The subject line of the email hinted at what followed in the message. "CONFIDENTIAL" in all capital letters, a colon, and a note that an announcement from a local nonprofit was to follow made it clear that the sender believed the recipient might be thrilled with the news.
As the email recipient read on (let's call him "Jerry"), he noted that he was being sent the news since he had been a generous donor to the nonprofit organization in the past. Jerry was also asked to keep the information confidential "for now" since it wasn't being announced to the world at large until later that day.
A draft of a press release followed with the details of a major transformative donation that had been made. As a past "generous supporter" of the organization -- and presumably one which the sender hoped would continue to be as generous in the future -- Jerry was being given a private preview of the news.
But Jerry could tell right away something was odd about him receiving the email. For one thing, Jerry had never donated anything, generous or otherwise, to the nonprofit. And for another the salutation to the email read "Dear Matthew." (We're calling him "Matthew" here. Suffice it to say, the salutation was not addressed to Jerry.)
Like many of us, Jerry regularly receives spam emails attesting to one thing or another that isn't true but which is meant to lure us in to some shady deal. Upon checking the details of the email, Jerry concluded this was not spam, but instead was likely one of several emails the sender had sent out to a list of past donors. Somehow, Jerry's email got mistaken for Matthew's and crossed wires ensued.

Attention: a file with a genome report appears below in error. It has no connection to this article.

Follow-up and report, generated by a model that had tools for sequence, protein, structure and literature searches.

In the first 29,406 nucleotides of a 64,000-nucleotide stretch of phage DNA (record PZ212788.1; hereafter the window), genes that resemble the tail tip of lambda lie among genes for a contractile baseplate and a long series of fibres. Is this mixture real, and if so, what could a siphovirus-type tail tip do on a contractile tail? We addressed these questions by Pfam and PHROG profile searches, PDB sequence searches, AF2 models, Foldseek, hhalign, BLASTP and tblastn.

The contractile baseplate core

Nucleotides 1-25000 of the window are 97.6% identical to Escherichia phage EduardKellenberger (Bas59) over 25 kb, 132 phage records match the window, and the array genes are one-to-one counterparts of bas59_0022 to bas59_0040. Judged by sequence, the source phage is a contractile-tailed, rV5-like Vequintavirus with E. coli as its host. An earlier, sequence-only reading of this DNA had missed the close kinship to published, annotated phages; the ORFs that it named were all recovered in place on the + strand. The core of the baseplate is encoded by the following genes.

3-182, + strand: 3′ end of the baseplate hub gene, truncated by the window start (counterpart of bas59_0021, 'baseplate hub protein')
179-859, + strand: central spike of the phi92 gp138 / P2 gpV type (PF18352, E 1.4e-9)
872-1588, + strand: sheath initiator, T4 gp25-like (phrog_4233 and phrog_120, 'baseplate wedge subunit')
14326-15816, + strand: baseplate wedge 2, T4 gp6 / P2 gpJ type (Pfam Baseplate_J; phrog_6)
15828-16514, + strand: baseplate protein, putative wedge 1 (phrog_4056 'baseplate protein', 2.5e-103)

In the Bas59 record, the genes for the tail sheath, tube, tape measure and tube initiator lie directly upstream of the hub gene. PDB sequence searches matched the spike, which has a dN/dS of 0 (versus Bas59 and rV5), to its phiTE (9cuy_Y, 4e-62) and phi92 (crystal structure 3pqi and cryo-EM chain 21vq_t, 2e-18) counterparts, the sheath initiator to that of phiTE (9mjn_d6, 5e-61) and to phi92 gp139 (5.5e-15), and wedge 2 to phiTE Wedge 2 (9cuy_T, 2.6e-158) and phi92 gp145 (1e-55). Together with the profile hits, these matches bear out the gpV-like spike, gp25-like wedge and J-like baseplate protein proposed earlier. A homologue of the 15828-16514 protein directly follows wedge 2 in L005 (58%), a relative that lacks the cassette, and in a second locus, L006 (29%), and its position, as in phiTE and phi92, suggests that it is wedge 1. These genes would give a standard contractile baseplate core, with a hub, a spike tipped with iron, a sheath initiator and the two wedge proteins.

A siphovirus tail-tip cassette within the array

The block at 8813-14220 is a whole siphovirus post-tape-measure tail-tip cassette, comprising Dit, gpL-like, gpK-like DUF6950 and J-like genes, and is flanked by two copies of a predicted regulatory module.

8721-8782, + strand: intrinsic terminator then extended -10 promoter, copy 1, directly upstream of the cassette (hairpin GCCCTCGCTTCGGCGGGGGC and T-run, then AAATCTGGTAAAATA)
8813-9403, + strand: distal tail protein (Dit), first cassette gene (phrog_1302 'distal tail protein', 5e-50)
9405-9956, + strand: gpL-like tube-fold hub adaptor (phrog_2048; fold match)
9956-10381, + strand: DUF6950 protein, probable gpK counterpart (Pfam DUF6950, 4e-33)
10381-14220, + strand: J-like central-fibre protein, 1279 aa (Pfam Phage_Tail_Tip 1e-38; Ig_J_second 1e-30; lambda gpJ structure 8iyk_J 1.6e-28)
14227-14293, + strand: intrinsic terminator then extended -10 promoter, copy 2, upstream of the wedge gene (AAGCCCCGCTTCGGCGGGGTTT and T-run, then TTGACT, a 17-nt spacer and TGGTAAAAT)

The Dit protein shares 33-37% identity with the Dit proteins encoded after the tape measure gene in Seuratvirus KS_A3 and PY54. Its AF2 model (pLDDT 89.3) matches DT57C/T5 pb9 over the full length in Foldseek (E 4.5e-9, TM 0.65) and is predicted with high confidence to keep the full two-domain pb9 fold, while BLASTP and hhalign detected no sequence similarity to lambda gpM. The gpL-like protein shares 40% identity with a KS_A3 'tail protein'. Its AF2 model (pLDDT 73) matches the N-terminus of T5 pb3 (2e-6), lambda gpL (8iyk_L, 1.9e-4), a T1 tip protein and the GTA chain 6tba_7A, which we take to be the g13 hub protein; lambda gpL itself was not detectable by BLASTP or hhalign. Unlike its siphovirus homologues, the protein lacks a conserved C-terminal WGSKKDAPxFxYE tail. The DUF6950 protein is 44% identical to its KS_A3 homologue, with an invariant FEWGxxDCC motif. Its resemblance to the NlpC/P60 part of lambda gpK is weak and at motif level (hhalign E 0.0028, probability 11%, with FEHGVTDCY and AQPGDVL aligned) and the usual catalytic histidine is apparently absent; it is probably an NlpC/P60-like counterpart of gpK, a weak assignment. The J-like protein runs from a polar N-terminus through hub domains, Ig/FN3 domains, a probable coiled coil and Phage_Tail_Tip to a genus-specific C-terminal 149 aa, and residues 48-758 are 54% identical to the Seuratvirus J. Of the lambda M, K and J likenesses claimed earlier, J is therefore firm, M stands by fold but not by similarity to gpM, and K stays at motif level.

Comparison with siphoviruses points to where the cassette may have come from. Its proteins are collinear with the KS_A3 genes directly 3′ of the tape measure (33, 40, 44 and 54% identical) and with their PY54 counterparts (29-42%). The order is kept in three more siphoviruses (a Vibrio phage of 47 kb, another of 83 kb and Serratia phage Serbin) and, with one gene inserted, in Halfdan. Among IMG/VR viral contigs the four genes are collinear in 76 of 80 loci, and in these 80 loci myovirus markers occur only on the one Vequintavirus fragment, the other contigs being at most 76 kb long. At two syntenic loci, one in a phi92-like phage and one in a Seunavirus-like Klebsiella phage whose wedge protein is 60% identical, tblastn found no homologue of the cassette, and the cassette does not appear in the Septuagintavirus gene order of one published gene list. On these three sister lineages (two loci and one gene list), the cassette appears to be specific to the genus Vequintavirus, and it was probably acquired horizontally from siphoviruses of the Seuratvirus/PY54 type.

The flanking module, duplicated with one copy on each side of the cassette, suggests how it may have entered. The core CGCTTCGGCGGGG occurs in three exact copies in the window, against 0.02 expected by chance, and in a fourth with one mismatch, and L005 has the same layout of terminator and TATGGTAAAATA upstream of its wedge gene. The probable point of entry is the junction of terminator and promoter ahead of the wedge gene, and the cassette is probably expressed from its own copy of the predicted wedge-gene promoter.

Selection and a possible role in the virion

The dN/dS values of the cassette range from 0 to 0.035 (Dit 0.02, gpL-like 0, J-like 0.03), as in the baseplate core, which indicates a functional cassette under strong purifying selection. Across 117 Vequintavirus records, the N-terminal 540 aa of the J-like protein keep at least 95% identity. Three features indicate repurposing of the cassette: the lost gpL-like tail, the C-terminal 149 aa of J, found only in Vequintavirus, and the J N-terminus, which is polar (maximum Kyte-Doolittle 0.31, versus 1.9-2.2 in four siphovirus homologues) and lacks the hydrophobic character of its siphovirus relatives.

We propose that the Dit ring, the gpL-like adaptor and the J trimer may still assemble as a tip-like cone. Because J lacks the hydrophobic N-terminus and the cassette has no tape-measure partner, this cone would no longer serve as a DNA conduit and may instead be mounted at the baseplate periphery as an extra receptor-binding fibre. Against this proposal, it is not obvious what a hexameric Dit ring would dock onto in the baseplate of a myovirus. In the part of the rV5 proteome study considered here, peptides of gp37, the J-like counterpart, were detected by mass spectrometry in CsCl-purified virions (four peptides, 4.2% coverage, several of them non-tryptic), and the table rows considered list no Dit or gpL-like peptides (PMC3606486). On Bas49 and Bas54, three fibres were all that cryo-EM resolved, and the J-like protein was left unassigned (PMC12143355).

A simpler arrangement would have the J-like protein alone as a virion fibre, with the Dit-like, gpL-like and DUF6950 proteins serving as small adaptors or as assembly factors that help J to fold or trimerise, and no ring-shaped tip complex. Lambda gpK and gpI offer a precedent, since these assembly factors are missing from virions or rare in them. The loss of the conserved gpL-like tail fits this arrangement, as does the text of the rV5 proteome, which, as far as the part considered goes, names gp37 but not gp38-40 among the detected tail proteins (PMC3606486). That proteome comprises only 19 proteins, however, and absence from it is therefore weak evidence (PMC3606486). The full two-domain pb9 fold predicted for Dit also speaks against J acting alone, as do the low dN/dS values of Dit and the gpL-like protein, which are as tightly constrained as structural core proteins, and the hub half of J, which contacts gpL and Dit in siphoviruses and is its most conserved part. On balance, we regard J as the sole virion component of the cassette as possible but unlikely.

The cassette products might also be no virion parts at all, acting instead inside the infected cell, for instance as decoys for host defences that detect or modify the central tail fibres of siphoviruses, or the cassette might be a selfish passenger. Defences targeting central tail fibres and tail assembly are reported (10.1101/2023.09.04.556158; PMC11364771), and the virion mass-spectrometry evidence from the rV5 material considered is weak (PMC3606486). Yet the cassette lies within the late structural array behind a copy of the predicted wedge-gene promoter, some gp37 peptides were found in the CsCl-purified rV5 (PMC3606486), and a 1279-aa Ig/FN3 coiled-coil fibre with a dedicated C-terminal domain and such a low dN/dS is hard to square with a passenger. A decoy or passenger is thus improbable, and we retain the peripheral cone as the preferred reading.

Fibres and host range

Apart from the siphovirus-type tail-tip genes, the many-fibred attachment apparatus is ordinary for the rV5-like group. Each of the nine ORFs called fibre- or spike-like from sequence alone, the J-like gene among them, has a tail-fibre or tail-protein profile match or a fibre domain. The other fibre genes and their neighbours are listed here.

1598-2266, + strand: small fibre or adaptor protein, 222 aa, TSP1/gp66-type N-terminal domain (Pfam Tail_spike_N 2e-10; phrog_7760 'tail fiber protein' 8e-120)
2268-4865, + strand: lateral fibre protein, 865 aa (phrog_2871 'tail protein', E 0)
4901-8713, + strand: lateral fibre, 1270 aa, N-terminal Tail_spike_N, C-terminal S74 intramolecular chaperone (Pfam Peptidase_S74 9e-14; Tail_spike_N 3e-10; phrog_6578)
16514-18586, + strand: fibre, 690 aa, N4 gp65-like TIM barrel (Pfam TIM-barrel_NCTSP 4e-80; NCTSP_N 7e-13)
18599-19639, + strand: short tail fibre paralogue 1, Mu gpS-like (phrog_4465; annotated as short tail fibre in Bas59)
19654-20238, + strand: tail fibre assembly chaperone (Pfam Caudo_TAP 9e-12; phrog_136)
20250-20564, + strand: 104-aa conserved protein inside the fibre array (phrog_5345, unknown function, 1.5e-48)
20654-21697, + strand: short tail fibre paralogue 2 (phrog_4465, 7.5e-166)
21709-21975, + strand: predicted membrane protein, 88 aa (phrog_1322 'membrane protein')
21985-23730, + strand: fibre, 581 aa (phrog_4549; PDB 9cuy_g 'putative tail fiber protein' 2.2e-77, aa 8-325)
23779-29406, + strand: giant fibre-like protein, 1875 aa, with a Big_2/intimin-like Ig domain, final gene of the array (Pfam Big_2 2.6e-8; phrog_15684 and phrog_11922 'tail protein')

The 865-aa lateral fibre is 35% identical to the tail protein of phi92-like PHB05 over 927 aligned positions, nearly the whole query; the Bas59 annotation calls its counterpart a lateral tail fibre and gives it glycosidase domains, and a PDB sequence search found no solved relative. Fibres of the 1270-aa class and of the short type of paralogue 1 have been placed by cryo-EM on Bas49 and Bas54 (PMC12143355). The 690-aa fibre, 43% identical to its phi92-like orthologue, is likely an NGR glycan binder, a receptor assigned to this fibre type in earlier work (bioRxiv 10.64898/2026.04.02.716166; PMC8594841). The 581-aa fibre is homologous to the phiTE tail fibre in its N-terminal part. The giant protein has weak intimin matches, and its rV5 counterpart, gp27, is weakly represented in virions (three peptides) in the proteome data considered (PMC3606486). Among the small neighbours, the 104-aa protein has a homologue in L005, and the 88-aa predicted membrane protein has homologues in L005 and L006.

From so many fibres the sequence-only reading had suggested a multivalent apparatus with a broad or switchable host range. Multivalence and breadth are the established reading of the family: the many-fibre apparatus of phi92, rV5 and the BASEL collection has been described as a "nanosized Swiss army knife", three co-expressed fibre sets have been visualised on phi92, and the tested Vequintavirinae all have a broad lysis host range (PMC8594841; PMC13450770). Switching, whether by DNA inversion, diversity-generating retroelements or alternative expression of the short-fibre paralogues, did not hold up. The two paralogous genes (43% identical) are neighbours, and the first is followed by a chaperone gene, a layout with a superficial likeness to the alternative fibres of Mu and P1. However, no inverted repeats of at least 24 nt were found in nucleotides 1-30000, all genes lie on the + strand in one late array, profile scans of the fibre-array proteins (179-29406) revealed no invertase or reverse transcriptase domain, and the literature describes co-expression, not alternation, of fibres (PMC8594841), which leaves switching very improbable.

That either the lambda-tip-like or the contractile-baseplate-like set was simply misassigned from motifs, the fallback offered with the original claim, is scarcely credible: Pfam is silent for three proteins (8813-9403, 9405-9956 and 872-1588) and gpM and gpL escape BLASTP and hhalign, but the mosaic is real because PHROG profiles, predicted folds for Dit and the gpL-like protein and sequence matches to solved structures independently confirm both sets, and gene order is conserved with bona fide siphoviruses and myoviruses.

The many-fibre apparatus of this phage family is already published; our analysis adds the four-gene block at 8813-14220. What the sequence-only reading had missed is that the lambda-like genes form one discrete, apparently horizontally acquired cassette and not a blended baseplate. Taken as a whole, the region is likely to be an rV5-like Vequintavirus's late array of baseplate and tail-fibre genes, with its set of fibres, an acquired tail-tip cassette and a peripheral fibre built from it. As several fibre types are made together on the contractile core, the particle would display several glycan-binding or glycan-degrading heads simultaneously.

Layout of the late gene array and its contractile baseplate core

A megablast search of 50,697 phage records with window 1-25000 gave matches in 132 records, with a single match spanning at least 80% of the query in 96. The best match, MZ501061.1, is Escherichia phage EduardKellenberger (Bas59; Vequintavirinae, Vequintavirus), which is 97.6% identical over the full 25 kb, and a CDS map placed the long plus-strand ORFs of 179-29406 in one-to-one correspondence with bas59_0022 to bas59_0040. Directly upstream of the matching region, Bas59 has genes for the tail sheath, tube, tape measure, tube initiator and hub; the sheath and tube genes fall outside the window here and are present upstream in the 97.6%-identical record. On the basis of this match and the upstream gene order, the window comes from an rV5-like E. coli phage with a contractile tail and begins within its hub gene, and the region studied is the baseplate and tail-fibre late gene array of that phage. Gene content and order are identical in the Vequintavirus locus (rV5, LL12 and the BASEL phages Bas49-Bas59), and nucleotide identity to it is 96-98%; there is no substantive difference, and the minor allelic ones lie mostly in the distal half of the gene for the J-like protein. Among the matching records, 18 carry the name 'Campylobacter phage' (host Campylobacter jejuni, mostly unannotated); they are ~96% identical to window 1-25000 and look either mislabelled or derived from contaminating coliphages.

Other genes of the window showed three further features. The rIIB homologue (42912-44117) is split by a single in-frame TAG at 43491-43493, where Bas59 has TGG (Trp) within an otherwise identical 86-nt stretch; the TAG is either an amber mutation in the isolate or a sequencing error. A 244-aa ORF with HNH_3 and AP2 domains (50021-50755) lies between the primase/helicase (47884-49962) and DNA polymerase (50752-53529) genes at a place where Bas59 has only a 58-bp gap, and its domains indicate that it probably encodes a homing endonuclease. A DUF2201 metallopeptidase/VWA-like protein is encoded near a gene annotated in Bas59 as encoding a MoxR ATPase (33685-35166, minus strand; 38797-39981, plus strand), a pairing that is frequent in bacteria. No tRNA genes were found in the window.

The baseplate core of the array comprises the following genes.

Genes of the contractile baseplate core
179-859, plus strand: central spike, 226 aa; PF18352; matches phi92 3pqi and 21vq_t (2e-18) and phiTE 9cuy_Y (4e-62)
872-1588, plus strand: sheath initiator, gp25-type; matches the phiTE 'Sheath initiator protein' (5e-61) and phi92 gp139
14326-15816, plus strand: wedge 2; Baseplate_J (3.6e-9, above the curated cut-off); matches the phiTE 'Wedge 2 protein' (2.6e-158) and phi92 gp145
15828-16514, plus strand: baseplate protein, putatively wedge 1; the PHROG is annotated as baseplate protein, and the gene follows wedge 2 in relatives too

Jerry is torn about what to do. He figured he had at least four options. Option 1 is to delete the email and forget the whole thing ever happened. Option 2 is to share the email with some friends and colleagues he knows would find it interesting and likely would love getting the scoop before others knew about it. Option 3 is to post a note on one of his social media feeds highlighting the details which are to come. And option 4 is to reply to the sender to let him know of his errant ways.
It's not Jerry's fault that he came upon the information by accident, so the temptation to share it might prove alluring. He should fight the urge. Aside from glibly pointing out he knew something a few hours before others, all he would do by sharing the information would be to possibly embarrass the fellow who sent it. Hardly a noble goal. So, if he wants to be an up and up fellow, options 2 and 3 are out.
Jerry could simply delete the email. That's not only appropriate, but it takes the least amount of effort.
But if Jerry truly wants to set things right, he should reply to the sender, let him know he received the email intended for Matthew by mistake, and wanted the sender to know since it seemed important to him to get the news to Matthew.
The sender might be embarrassed about his error. But Jerry could rest easy knowing he did the right thing.
Jeffrey L. Seglin, author of The Simple Art of Business Etiquette: How to Rise to the Top by Playing Nice, is a senior lecturer in public policy and director of the communications program at Harvard's Kennedy School. He is also the administrator of www.jeffreyseglin.com, a blog focused on ethical issues.
Do you have ethical questions that you need answered? Send them to email@example.com.
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(c) 2019 JEFFREY L. SEGLIN. DISTRIBUTED BY TRIBUNE CONTENT AGENCY, LLC.
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